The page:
Some cutaneous malignant melanoma (CMM) patients experience a sudden and rapid decline in their night vision often accompanied by photophobia and a sensation of shimmering light. These symptoms are a hallmark of a paraneoplastic autoimmune syndrome known as melanoma-associated retinopathy (MAR), which is clinically diagnosed by a reduced b-wave on the electroretinogram. We and others have identified the TRPM1 cation channel as the autoantigen. TRPM1 channels are expressed in melanocytes and retinal ON- bipolar cells, thus autoantibodies against TRPM1 block ON bipolar cell responses. A tumor suppressor microRNA, miR-211, is encoded within the 6th intron of TRPM1 and co-transcribed with TRPM1. Full-length TRPM1 and miR-211 are down regulated in metastatic disease, yet this is when TRPM1 autoantibodies are typically detected. We propose that the autoantibodies are generated against truncated, antigenic TRPM1 polypeptides encoded by abnormal TRPM1 mRNA splice variants, associated with reduced expression of miR-211.. The overall rationale of the proposed studies is that the occurrence of TRPM1 autoantibodies is more widespread in CMM patients than suggested by the incidence of clinically diagnosed MAR, and that the increased use of targeted and immuno therapies may heighten the risk of MAR. The proposed project aims to determine the incidence of TRPM1 autoantibodies and sub-clinical MAR among CMM patients and whether it varies according to treatment. Further, we aim to identify which TRPM1 mRNA splice variants give rise to immunoreactive TRPM1 polypeptides and test our hypothesis that these polypeptides are present in CMM specimens from patients with TRPM1 autoantibodies and sub-clinical MAR, and are associated with a down- regulation of miR-211. Thus, we will generate new insights into the cellular mechanisms underlying MAR, which may be further relevant to paraneoplastic autoimmune diseases in general. Potential applications of this research include the development of a prognostic/diagnostic test that can be used in the clinic for assessing CMM patients' risk of MAR and tumor metastasis.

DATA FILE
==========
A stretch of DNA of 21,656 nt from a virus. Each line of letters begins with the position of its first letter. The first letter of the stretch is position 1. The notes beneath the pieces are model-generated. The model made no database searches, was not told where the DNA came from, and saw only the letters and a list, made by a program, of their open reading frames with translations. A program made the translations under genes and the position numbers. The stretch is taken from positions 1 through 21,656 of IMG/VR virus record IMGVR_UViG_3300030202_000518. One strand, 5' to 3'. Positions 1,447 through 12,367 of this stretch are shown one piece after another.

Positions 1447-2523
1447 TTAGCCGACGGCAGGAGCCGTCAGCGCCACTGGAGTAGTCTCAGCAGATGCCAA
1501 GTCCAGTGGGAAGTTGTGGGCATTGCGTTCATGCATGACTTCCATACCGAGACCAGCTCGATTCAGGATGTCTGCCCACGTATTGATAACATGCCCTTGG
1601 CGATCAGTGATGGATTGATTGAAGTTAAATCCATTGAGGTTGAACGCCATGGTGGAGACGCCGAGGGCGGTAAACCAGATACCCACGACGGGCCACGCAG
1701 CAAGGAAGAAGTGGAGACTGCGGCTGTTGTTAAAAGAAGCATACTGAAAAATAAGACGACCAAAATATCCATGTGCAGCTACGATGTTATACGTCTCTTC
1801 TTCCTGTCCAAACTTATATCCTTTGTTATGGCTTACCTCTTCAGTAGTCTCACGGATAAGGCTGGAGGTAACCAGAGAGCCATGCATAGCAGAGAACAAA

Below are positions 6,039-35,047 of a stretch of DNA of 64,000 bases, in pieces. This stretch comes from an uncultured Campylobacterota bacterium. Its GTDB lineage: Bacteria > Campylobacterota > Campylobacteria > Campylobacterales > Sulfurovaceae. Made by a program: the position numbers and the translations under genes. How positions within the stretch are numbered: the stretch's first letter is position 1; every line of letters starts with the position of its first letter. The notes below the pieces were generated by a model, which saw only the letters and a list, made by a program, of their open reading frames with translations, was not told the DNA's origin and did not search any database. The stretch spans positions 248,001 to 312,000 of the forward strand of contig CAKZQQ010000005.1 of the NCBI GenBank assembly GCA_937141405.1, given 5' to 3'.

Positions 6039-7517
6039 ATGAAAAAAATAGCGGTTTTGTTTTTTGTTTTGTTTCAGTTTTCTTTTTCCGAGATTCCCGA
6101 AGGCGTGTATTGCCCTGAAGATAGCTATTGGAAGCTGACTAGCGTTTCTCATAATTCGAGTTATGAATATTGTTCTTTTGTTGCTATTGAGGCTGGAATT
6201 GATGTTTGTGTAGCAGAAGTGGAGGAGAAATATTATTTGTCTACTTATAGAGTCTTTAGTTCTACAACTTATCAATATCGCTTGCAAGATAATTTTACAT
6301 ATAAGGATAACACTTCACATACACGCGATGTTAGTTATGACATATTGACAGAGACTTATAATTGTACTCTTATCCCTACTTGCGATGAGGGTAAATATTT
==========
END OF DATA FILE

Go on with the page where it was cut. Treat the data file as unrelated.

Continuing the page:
Some patients with cutaneous malignant melanoma (CMM) experience debilitating visual deficits including photophobia and night blindness, even when the tumor is not present in the eye; this autoimmune syndrome is called Melanoma Associated Retinopathy (MAR). The proposed research will define the mechanisms underlying the development of MAR, lay the foundation for a prognostic test, and determine whether novel melanoma therapies increase the risk for MAR.